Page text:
• Posted on Jan 14, 2021

Lifestyle audits of high-net-worth individuals should be undertaken as one of the immediate steps to close the yawning gap between what the revenue authority can realistically expect to collect from taxes and what it in fact collects, judge Dennis Davis says.

Source: Business Day – Linda Ensor, Parliamentary Writer

Davis calls for lifestyle audits for the wealthy

Lifestyle audits of high-net-worth individuals should be undertaken as one of the immediate steps to close the yawning gap between what the revenue authority can realistically expect to collect from taxes and what it in fact collects, judge Dennis Davis says.

The tax gap is estimated to be between R50bn and more than R100bn annually. With the SA Revenue Service (Sars) facing a revenue shortfall of over R300bn this year due to the sluggish economy and the devastating effects of Covid-19, it needs to seek every legitimate means possible to extract the money rightfully due to it.

This shortfall could be even bigger when finance minister Tito Mboweni tables the 2021/2022 budget in February.

One of the findings of the Davis tax committee, which has been examining ways to close the tax gap, was that more attention should be paid to the non-payment of the right amount of tax by wealthy people who own luxurious vehicles and upmarket properties. A “comprehensive analysis” of individuals living in luxurious circumstances was required, Davis said in an interview, to determine whether they had been paying the right amount of tax over many years. “We know from the figures that there are thousands of them.”

Davis said that addressing the tax gap linked to wealthy individuals was low-hanging fruit that could yield Sars a significant sum of money. It was “perfectly obvious” that more attention had to be given to high-net-worth individuals if the figures and the unexplained amounts of money held offshore were taken into account. Huge sums were being held in trusts, he said.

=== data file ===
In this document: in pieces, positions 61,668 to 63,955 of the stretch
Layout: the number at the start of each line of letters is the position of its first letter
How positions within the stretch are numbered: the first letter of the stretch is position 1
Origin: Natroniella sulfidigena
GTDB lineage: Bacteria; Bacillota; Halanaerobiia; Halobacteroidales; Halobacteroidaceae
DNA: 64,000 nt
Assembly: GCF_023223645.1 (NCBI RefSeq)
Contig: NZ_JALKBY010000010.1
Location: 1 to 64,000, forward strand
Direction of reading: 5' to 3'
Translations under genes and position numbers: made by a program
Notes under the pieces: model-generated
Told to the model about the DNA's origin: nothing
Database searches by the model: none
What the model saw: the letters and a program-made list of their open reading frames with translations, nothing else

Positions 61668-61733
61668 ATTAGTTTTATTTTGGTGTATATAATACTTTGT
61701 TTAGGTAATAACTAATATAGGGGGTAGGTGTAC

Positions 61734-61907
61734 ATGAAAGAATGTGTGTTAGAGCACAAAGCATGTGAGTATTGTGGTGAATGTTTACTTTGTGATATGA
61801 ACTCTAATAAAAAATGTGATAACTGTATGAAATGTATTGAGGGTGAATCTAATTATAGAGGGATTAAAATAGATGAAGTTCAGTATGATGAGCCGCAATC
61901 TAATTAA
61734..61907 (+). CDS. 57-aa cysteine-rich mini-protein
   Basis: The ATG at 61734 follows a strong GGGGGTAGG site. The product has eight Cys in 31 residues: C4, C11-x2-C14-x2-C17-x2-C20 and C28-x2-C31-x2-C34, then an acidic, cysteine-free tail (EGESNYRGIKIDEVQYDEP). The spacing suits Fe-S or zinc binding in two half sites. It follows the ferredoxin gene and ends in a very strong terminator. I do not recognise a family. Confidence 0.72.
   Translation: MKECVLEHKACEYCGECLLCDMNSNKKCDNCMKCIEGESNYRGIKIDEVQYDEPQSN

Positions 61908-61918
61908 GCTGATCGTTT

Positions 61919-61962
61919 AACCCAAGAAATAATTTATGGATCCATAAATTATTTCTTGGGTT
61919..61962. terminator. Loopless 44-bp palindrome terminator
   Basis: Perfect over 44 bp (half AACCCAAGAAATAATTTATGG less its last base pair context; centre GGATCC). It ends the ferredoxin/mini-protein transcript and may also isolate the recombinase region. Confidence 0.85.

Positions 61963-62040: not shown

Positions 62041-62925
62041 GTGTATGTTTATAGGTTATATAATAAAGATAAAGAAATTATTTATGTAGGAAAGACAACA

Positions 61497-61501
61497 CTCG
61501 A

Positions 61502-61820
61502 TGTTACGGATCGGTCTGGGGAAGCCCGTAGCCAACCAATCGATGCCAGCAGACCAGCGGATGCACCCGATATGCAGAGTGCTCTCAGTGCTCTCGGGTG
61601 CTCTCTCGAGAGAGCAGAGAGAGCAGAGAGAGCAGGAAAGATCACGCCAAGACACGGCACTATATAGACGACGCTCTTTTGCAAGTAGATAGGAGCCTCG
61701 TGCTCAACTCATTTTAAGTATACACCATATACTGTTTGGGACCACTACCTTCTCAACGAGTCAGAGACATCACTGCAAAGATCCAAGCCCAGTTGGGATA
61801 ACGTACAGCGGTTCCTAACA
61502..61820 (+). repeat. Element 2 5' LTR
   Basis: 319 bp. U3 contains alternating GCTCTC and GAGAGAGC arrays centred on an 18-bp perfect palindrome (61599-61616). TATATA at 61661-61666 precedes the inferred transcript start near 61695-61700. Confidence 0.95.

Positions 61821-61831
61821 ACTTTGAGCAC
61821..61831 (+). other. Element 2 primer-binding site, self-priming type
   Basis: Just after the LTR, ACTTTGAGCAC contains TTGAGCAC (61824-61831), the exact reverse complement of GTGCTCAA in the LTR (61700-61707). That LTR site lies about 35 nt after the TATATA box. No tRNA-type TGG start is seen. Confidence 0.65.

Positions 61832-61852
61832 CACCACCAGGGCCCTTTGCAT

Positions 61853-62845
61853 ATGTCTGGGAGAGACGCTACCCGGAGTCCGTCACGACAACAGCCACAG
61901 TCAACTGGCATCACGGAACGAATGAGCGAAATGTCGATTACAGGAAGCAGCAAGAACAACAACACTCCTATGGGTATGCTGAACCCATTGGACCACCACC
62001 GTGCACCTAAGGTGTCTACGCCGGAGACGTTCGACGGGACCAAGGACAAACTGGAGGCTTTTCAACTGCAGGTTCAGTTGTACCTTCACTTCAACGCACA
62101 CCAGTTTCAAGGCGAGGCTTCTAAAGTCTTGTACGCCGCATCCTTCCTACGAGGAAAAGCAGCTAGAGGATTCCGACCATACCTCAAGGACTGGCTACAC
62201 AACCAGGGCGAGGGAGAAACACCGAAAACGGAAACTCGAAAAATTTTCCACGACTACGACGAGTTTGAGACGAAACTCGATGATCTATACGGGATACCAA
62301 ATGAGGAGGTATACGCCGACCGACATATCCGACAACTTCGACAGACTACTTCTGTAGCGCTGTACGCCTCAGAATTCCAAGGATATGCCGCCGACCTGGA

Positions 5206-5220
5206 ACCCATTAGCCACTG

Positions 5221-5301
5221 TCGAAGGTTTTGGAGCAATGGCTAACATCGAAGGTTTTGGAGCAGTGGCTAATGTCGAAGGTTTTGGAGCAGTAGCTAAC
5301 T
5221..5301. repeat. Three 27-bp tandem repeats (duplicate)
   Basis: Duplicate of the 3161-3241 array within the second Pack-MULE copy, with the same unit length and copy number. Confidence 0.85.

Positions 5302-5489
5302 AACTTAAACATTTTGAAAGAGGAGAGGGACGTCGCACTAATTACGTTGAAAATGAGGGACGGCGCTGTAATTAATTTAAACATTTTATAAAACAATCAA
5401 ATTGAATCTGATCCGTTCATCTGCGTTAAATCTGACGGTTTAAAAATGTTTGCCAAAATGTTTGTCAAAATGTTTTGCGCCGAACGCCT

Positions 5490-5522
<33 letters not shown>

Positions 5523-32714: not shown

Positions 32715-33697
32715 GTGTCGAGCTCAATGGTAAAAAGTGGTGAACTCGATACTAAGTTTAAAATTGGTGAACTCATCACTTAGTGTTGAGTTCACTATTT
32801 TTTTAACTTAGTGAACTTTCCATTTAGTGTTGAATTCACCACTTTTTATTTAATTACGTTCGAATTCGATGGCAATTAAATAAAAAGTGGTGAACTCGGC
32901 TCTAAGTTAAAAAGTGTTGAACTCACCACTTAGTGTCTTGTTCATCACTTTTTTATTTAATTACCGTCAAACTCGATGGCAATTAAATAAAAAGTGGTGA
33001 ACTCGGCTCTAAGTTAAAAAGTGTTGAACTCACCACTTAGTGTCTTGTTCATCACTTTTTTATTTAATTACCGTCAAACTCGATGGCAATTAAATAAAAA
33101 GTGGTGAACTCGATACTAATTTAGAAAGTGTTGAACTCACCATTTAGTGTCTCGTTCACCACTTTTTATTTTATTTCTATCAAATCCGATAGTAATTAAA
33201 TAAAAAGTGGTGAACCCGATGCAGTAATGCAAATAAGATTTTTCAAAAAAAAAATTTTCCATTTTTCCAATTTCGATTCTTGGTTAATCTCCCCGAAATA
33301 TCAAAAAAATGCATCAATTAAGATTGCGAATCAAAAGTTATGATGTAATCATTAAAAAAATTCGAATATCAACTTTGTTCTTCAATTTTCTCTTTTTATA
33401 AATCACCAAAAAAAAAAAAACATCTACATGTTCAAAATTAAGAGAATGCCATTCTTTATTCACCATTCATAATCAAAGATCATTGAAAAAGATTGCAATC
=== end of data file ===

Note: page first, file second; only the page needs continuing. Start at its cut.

The committee submitted a number of reports on the tax gap to Mboweni and Sars commissioner Edward Kieswetter in December. Its mandate when its term of office was extended by Mboweni in February 2019 was to examine the tax gap and come up with proposals to close it.

The four documents submitted related to the tax gap linked to corporates and the VAT gap, which Davis said mainly arose from VAT scams. A shorter document dealt with the tax gap related to high-net-worth individuals, and a covering letter was included containing urgent recommendations on how the tax gap could be addressed.

THE COMMITTEE SUBMITTED A NUMBER OF REPORTS ON THE TAX GAP TO MBOWENI AND EDWARD KIESWETTER IN DECEMBER

Some of the recommendations related to far better co-operation between Sars, the Reserve Bank, the Financial Intelligence Centre and the banks to keep track of the illicit flow of funds overseas, among other things.

The tax committee still has to finalise outstanding work on enforcement, Davis said. He hoped this report which would focus on the relationship between the National Prosecuting Authority and Sars would be submitted by the end of January or early February.

Davis said the committee’s reports and recommendations did not touch on changes to tax rates but had more to do with the beefing up of tax administration and capacity which were decimated during the reign of former commissioner Tom Moyane.

Kieswetter, Moyane’s replacement, has embarked on a project to strengthen Sars’s capacity by re-establishing units such as the large-business centre and recruiting more technical staff. Davis said the committee’s work had been undertaken in close collaboration with Sars, something that was denied under the Moyane regime.

THE TAX GAP IS… ABOUT EFFECTIVELY TRYING TO WORK OUT WHY YOU ARE NOT COLLECTING WHAT YOU EXPECT TO COLLECT, HE SAID

Davis said Sars was already beginning to tackle the tax gap issues raised in the committee’s reports, for example by investigating VAT scams.

“We are not talking about tax rates,” says Davis, though in his personal view tax rate increases were probably needed for the government to pay for the Covid-19 vaccine.

“The tax gap is not about changing tax rates, it’s about effectively trying to work out why you are not collecting what you expect to collect,” he said.

The judge fully supported Kieswettter’s view that Sars should be treated by the Treasury as an investment centre rather than a cost centre, and that it should get more funding to beef up its capacity.